Countdown To The Collapse: Part II


Bureaucrats are naturally drawn to bureaucratic ‘solutions’ to problems. But cooperative solutions become unworkable when cooperation breaks down, as is increasingly the case in global monetary relations. In this context, the OMFIF report, while it sounds nice on paper, is a futile attempt to hold an unstable equilibrium together. The fact is the BRICs no longer trust the mature economies in monetary affairs.4 Lacking such trust, the only viable way forward is to ‘de-nationalise’ money for international trade, thereby disarming those who would opportunistically engage in currency wars.

4 Please see THE BUCK STOPS HERE: A BRIC WALL, Amphora Report vol. 3 (April 2012). The link is here.

Gold is the only such non-national money, a currency that cannot be printed or otherwise manipulated by one country at the expense of another. Its supply is strictly limited by that which can be got out of the ground at economic cost within a given period of time. Thus gold stands in sharp contrast to all unbacked fiat currencies, the weapons of the currency wars. The OMFIF report dances around this fundamental difference between the two but ultimately stumbles. Yes, the OMFIF report recognises that:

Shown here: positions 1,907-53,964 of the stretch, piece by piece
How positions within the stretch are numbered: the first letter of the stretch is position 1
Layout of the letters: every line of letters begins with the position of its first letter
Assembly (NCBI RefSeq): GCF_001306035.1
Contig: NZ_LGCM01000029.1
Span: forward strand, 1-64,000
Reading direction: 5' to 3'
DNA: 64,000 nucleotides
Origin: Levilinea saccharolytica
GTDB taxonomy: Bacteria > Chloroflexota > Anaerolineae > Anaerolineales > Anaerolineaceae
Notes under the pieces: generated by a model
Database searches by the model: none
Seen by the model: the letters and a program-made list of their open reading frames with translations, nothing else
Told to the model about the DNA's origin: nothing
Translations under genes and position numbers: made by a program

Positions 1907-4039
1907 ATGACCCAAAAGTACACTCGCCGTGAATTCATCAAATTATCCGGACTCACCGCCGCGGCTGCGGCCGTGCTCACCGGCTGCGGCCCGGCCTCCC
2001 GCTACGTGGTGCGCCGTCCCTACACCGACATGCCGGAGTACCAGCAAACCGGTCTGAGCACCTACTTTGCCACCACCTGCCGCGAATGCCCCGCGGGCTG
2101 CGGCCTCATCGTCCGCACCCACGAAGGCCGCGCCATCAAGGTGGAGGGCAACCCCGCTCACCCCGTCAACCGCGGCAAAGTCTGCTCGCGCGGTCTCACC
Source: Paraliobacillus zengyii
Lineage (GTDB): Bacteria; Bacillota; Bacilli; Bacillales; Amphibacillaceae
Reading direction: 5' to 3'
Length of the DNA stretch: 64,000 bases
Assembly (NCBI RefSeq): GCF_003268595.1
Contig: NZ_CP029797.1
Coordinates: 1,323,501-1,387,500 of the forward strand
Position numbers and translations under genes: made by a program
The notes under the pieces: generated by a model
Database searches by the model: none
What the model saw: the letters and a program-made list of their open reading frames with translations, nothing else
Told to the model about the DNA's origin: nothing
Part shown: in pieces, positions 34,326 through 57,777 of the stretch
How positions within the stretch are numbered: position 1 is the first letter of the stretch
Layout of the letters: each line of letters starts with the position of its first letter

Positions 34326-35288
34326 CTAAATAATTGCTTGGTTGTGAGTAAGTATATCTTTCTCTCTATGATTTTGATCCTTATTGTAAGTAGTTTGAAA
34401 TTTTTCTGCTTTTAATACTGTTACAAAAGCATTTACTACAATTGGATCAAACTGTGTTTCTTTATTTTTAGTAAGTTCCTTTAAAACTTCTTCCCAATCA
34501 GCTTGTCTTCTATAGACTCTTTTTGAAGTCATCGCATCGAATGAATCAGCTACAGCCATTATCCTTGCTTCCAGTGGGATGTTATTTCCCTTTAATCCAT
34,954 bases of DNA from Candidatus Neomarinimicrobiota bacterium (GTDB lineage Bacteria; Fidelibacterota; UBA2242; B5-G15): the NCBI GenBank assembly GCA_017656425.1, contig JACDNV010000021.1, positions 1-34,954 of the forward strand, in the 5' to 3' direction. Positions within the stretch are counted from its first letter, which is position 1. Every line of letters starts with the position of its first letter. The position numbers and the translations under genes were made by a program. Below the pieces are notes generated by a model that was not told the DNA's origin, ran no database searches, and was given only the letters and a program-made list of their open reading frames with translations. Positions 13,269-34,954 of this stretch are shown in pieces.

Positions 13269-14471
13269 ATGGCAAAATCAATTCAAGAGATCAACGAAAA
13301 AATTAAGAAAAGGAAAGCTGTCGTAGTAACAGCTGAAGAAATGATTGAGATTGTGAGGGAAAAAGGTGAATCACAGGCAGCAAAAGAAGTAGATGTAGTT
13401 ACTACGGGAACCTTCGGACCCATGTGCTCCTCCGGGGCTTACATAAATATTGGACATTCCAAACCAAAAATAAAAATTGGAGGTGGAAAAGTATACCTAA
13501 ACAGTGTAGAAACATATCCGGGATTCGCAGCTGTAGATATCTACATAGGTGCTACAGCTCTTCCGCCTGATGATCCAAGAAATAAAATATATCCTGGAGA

[T]he previously dominant western economies have attempted to dismantle the yellow metal’s monetary role, and – for a variety of reasons – this has comprehensively failed. Gold thus stands ready to fill the vacuum created by the evident failings of the dollar and the euro, and the not-yet requited ambitions of the renminbi.

But notwithstanding the recognised failings of fiat currencies and persistence of gold, the report then moves on to recommend that gold and the major fiat currencies be treated as equals in the future monetary order, specifically, by: